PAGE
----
Was I alone a few Sundays ago in thinking that the photograph of Sanford Weill on the front page of The New York Times was much too small? I mean, it took up only about a third of the page, though it was nicely centered, above and below the fold, so that the news of all the other kinds of people in the world that week, the worried and the hurting kinds, could revolve condignly around the image of the money man smiling in self-congratulation beneath the beatifying halo of the ceiling lights at Carnegie Hall. If ever there was an emblem of the Manhattan cosmology, this page was it. And there is more to come: The page announced that this glorification of the grotesquely rich was only the first installment in a series excitingly called "Age of Riches: The .01 Percent. " No doubt this latest bath of pluto-porn at the Times will be partly justified as an interest in the philanthropic consequences of the new fortunes; and while it is true that the generosity of some of the new rich is extraordinary, it is also true that charity is not economic justice. (It is the absence of economic justice that makes charity necessary.) I wonder how the largesse angle will handle the obscene Stephen Schwarzman, who is very bad for the Jews.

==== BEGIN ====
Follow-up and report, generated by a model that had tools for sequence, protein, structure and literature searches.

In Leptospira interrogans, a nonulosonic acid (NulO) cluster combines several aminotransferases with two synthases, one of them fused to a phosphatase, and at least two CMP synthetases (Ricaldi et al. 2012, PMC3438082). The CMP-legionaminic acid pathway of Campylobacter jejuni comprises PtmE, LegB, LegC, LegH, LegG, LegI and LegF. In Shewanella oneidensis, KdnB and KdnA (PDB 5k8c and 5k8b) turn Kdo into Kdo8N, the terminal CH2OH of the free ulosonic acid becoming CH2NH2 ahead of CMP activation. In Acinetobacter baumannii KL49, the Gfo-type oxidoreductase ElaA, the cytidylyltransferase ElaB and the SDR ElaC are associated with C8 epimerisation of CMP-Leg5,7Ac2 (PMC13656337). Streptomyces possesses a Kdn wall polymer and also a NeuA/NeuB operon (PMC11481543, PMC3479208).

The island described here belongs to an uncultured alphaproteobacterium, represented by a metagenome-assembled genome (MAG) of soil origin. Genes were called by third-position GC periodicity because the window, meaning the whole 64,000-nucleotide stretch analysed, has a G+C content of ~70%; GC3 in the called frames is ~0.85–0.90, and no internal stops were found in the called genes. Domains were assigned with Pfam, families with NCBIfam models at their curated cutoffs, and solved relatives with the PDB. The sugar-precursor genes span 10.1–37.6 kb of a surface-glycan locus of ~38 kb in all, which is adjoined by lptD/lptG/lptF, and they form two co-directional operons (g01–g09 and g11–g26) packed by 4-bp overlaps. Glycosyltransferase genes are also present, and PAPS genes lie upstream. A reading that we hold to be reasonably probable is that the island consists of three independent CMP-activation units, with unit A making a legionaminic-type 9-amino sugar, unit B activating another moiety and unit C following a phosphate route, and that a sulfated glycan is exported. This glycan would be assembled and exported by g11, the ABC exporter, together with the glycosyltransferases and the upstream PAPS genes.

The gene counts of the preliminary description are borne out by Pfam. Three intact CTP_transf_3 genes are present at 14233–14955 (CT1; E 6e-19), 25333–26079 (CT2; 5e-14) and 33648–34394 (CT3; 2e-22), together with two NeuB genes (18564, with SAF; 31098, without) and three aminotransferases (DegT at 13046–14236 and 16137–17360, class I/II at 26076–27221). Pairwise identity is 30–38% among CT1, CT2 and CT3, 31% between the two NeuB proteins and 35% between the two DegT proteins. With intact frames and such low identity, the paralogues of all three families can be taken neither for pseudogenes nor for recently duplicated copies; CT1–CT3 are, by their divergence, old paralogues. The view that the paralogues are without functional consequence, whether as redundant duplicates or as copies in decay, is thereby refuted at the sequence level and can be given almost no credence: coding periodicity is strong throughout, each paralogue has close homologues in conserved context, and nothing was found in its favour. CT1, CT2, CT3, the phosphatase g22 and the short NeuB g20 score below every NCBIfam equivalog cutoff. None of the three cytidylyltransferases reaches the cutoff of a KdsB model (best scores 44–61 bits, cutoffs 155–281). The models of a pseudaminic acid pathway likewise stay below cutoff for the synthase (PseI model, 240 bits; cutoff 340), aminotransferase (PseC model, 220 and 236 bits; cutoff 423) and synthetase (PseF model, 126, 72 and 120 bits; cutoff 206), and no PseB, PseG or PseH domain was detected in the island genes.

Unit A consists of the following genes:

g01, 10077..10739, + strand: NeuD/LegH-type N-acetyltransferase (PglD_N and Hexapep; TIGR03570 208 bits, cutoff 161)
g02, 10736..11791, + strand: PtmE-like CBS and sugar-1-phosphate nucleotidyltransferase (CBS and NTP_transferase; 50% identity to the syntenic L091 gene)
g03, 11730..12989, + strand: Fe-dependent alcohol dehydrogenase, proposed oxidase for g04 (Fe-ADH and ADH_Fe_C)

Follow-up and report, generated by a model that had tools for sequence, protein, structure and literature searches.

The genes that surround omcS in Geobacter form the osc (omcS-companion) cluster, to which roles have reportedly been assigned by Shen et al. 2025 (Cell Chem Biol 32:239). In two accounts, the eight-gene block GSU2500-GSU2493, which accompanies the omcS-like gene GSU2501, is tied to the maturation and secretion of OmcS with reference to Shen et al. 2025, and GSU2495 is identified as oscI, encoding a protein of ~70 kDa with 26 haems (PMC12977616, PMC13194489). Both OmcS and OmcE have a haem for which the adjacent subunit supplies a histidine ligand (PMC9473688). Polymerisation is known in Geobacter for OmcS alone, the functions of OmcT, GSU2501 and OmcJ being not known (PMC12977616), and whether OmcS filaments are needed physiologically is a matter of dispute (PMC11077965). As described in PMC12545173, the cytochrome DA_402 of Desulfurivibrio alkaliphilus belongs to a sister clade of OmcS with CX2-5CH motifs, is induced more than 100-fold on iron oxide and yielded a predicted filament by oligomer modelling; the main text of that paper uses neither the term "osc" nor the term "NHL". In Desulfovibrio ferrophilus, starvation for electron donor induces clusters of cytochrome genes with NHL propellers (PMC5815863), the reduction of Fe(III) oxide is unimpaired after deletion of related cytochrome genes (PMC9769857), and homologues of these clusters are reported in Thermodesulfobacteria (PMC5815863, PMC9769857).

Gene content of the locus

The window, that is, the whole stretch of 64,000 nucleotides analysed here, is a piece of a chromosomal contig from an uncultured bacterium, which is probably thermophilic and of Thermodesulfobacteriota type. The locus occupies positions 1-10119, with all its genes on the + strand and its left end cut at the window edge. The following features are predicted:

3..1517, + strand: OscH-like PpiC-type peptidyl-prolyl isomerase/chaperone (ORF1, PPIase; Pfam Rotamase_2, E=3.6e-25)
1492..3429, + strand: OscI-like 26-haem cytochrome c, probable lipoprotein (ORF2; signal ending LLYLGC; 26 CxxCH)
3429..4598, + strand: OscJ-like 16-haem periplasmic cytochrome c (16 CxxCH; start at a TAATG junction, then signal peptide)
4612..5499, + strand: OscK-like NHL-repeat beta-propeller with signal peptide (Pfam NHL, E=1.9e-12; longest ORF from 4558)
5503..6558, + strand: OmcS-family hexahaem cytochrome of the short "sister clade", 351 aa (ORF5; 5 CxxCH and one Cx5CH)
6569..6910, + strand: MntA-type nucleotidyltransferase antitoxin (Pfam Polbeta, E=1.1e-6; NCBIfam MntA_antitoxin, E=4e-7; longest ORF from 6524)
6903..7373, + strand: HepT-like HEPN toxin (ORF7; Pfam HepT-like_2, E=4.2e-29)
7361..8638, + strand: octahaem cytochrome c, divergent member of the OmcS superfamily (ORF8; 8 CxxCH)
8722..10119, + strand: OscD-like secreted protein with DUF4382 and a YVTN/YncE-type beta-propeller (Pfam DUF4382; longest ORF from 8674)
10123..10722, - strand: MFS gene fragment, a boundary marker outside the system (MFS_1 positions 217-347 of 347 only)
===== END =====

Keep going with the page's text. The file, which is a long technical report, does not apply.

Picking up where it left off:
Then, a few days ago, though not in this series, the Times delivered another piece that would have made Veblen giggle. It was called "ceo libraries reveal keys to success," and it disclosed that corporate success is linked to the reading, or at least to the collecting, of great books. "As soon as a book enters our home it is guaranteed a permanent place in our lives," one venture capitalist preened. "I have never been able to part with even one... ." Amazing! Another CEO "has stocked his cabin in the woods with the collected works of Aristotle," which is very nice for Aristotle, especially in the summer. Michael Milken has created a whole library on Galileo, "the renegade who was jailed in his time but redeemed by history." My favorite pseud of all was Sidney Harman, who remarked with serene idiocy that "poets are our original systems thinkers" and, to give the measure of his mental seriousness, boasted that "[f]or two years [he] would take down from the shelf The City of God by E. L. Doctorow, read the novel slowly, return it to the shelves, and then take it down again for his next trip." It is that good.